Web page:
mdawkins's blog

Wentworth Miller: One of Today's Most Underrated Actors open call response to
...pic borrowed from People Magazine

I think one of today's most underrated actors is Wentworth Miller. I've been following his career since his performance in The Human Stain a few years back. His work in this film made some important connections between particular mixed race, Jewish and African American responses to American demands of assimilation.

Does It Matter if Harold Ford Jr. is Black or White?

...pic borrowed from AP/Brandon
...full text also found on Truthdig

New Yorkers, beware. It seems that former U.S. Rep. Harold Ford Jr., a transplant from Tennessee, has upset people again. Ford, an executive at Merrill Lynch and New York University lecturer who might be seeking to unseat fellow Democrat Kirsten Gillibrand of New York in a race for the U.S. Senate, has made a very bold statement about his identity. In 2006, Ford claimed that despite official government documentation, family records and testimony to the contrary, his grandmother, Vera Ford, was not black. Rather, she was a white woman passing as black. According to the website The Black Commentator, Ford’s declaration has resurfaced recently and is not only fraudulent but insulting: “There seem to be no limits to the young congressman's perfidy and stupidity. In the process of depicting his own ancestors as people living a lie, Ford has also insulted the Black public and Black history -- not to mention common sense, a quality of which Harold Jr. seems to be totally lacking.” Even though Ford’s father says that Vera was white, the website says he is a liar because other relatives, including Ford’s aunt Barbara, maintain that Vera was black. The larger concern seems to be that if Ford would revise his grandmother's identity for political gain, there might be other and more far-reaching issues about which Ford feels he has the right and obligation to control or reframe for expediency, such as his record on issues like gun control, abortion or same sex marriage. Can Ford be trusted?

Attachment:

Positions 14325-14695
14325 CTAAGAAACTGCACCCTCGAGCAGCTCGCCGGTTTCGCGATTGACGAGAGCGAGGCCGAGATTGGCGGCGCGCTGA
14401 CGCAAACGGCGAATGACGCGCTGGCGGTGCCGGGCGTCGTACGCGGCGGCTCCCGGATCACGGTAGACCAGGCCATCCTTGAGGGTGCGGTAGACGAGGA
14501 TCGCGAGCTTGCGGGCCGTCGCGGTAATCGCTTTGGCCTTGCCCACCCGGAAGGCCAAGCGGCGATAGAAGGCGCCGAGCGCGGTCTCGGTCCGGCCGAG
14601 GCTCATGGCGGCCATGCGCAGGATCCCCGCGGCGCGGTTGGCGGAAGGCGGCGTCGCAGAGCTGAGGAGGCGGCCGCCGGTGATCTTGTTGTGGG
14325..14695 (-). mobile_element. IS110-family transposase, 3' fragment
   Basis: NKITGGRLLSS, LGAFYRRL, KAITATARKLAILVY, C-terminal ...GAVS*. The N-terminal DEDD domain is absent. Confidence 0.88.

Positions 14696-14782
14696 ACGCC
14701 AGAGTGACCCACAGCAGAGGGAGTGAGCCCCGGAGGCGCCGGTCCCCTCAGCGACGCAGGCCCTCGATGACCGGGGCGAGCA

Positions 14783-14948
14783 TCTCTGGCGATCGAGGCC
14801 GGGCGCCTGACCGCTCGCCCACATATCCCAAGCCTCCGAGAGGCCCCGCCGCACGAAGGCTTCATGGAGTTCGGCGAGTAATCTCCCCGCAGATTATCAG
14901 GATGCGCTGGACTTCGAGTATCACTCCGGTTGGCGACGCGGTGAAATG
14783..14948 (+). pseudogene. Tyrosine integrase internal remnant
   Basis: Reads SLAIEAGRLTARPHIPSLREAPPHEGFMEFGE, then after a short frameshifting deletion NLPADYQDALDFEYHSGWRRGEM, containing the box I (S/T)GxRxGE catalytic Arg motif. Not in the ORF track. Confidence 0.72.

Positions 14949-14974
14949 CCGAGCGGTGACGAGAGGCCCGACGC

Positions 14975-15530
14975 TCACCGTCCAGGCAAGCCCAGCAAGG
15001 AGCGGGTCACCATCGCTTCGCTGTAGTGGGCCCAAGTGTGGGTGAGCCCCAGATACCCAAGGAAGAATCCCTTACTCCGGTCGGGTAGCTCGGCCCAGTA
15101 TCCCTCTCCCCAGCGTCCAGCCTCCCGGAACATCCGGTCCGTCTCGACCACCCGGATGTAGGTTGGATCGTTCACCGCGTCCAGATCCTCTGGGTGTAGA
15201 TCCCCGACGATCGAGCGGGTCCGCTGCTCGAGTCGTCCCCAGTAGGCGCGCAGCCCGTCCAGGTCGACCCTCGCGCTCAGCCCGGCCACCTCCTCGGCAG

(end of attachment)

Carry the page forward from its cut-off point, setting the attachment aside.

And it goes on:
Brokenness Everywhere borrowed from AP, and

A friendly reader recently posted a comment to my Avatar blog about the depression that has overtaken many viewers. Stricken by the “Avatar blues,” people are realizing that the ideal presented about life on Pandora is unattainable. Well, I have two things to say about this: (1) the images presented in Avatar were neither revolutionary nor ideal when you dig beneath their beautiful surfaces. And, (2) if there’s something to be depressed about it should be the recent natural disaster in Haiti. According to Rene Preval, the now homeless Haitian President, it is estimated that the devastating quake took over 50,000 lives and injured 250,000. "We need medicine. We need medical help in general," Preval told CNN. "Some of the hospitals, they collapsed." Nearly 3 million people are estimated to have been affected so far. Unreal…

Harry Reid...A Closed Book?

...pic borrowed from Associated Press, snapped by Charles Dharapak
...full text also found on Truthdig

Senator Harry Reid’s comments about Obama’s racial profile might be “a closed book” for our President. After all, he’s got bigger fish to fry. But it appears that Obama is the only one who is over it. For those late to the party, Reid’s racial thinking was revealed recently in the book Game Change, by Mark Halperin and John Heilemann. In this book the authors expose the inner workings of the 2008 Presidential campaign on both sides of the aisle. Their most shocking revelation is that Reid said that Obama had the right look and sound for presidential candidacy, “light skinned” and "with no Negro dialect, unless he wanted to have one." Rather than considering whether Reid’s comments are politically correct…clearly they aren’t…I think it’s more prudent and interesting to open the book on Reid’s comments and think about whether Reid has a point. So, was Reid right?